Golf Injuries to the Hand, Wrist, or Elbow

Hand, wrist, and elbow injuries are common for golfers of all skill levels. The golf swing is a complex, coordinated series of motions. Common golf injuries can result from poor technique, overuse, or a single event. Many single-event injuries happen when the club hits the ground by accident.

There are many ways to prevent golf injuries and enjoy the game:
• Warming up and stretching is important before golfing
• Gradually increasing the length and intensity of play can avoid overuse injuries
• Strengthening the upper body and core muscles can improve swing mechanics
• Instruction with a golf professional can correct hand position and grip to focus on safer technique

Types of Golf Injuries

Golf injuries can affect any part of the upper extremity. Structures of the neck, shoulder, arm, elbow, wrist, fingers, and thumb can be irritated, stretched, or broken. The diagnosis and treatment of the most common golf-related upper extremity injuries are discussed below.

Medial Epicondylitis
Also known as “golfer’s elbow,” medial epicondylitis is a pain on the inside of the elbow caused by irritation of the tendons in the area. The muscles that flex the wrist and rotate the forearm palm down also cross the elbow joint (Figure 1). Repeatedly swinging a golf club for extended time or having poor technique in golf club grip and hand position can irritate the muscles or tendons, causing pain.

Signs and Symptoms
• Pain on the inside corner of the elbow, often right on the boney prominence
• Tenderness to touch
• Worse pain with gripping or lifting
• Lifting may be worse with a straight elbow than a bent elbow

Diagnosis of medial epicondylitis is often made by history and physical exam. In cases that are not responding to treatment, it may be helpful to obtain an imaging study. Ultrasound or magnetic resonance imaging (MRI) are the most common studies ordered.

Medial epicondylitis will almost always be treated without surgery. Non-surgical treatments usually include:
• Activity modification: Limiting the activity that caused the condition–in this case, golfing. This will allow the irritation to resolve. However, it is important to be patient. Many tendinitis conditions can take months to improve, not days or weeks. If the activity cannot be stopped, a physical therapist or golf professional may be able to teach you how to modify your grip or swing to relieve the pain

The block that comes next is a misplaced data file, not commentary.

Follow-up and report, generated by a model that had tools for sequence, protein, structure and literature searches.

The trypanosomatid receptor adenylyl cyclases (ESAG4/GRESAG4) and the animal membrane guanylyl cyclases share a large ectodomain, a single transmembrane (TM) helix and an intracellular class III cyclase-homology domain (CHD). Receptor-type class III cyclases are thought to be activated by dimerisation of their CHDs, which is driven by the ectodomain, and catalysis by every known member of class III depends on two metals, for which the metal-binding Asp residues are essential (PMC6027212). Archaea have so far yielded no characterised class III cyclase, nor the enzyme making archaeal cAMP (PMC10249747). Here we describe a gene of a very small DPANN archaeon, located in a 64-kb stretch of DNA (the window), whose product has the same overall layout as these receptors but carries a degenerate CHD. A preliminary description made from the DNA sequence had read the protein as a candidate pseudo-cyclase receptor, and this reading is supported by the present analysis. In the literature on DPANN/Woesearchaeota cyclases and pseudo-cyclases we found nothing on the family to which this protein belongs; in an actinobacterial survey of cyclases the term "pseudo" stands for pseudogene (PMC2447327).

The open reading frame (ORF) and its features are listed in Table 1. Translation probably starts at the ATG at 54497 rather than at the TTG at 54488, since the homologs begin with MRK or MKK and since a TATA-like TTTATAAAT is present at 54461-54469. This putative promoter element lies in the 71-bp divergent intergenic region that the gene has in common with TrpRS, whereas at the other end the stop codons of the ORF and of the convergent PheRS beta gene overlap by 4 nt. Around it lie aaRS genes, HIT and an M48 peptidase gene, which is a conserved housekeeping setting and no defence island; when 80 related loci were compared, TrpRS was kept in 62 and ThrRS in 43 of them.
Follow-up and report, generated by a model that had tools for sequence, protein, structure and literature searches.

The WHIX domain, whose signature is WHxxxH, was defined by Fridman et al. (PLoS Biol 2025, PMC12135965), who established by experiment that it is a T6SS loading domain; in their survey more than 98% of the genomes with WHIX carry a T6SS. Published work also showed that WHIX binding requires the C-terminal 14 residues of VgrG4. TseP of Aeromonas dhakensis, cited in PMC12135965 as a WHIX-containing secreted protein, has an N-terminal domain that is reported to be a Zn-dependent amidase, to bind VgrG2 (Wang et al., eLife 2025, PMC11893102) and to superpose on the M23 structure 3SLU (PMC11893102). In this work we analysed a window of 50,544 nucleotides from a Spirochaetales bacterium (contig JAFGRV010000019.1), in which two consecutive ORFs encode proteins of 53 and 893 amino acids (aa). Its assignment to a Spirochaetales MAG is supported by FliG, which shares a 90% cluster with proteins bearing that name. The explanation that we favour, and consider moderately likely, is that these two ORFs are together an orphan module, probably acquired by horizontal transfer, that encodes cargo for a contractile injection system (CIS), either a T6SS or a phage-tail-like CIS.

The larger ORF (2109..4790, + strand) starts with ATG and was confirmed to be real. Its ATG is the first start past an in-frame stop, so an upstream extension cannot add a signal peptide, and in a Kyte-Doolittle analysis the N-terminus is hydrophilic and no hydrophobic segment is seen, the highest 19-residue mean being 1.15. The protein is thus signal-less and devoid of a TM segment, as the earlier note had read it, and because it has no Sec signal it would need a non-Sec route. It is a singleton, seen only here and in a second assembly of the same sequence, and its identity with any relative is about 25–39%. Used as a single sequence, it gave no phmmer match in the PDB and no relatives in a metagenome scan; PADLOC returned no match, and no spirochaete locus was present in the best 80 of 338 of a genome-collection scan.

• Medications: Anti-inflammatory medications might help alleviate pain
• Brace: A band (counterforce) worn over the muscle belly just below the elbow can improve symptoms in some patients
• Wrist splint: Wearing a wrist splint can improve pain by limiting wrist flexion and extension
• Therapy: Working with a therapist may help stretch and strengthen supporting muscles affected by the injury, treat symptoms of weakness or pain, maintain range of motion, and recover sooner
• Steroid injection: In patients who do not improve, injecting a stronger anti-inflammatory medication at the elbow may be beneficial

Wrist Tendonitis
Golfers who play too much or too aggressively can develop tendon irritation at the wrist. This is called wrist tendinitis and is similar to medial epicondylitis (discussed above). This irritation can occur on either the front or back of the wrist. It is more common in the leading hand (left hand for a right-handed player and vice versa).

Signs and Symptoms
• Pain on the front or back of the wrist or forearm
• Tenderness to touch
• Worse pain with gripping, flexing, or extending wrist

Diagnosis of wrist tendonitis is made by history and physical examination by a doctor. X-rays do not show tendonitis but may be obtained to rule out other injuries. Other imaging such as ultrasound or MRI could be ordered.

Wrist tendonitis is treated similarly to medial epicondylitis–almost always without surgery. Usual treatments include activity modification, anti-inflammatory medications, bracing, and therapy. If these do not work, your doctor may recommend injection of a stronger anti-inflammatory medication called a steroid.

Hamate Bone Fracture
The hamate is a small bone in the wrist. It is located on the outside of the wrist on the pinky side. It is shaped like a wedge with a hook sticking out of it (Figure 2). The hook is located on the palm side of the hand. It is narrow and can break off. This can happen when a club strikes the ground, forcing the hard handle to kickback against the hook and sometimes break or crack the hook (Figure 3).

Signs and Symptoms
• Pain in the heel of the hand
• Pain with grip
• Swelling
• Bruising
• Numbness or tingling in the pinky and ring fingers
• Loss of small finger bending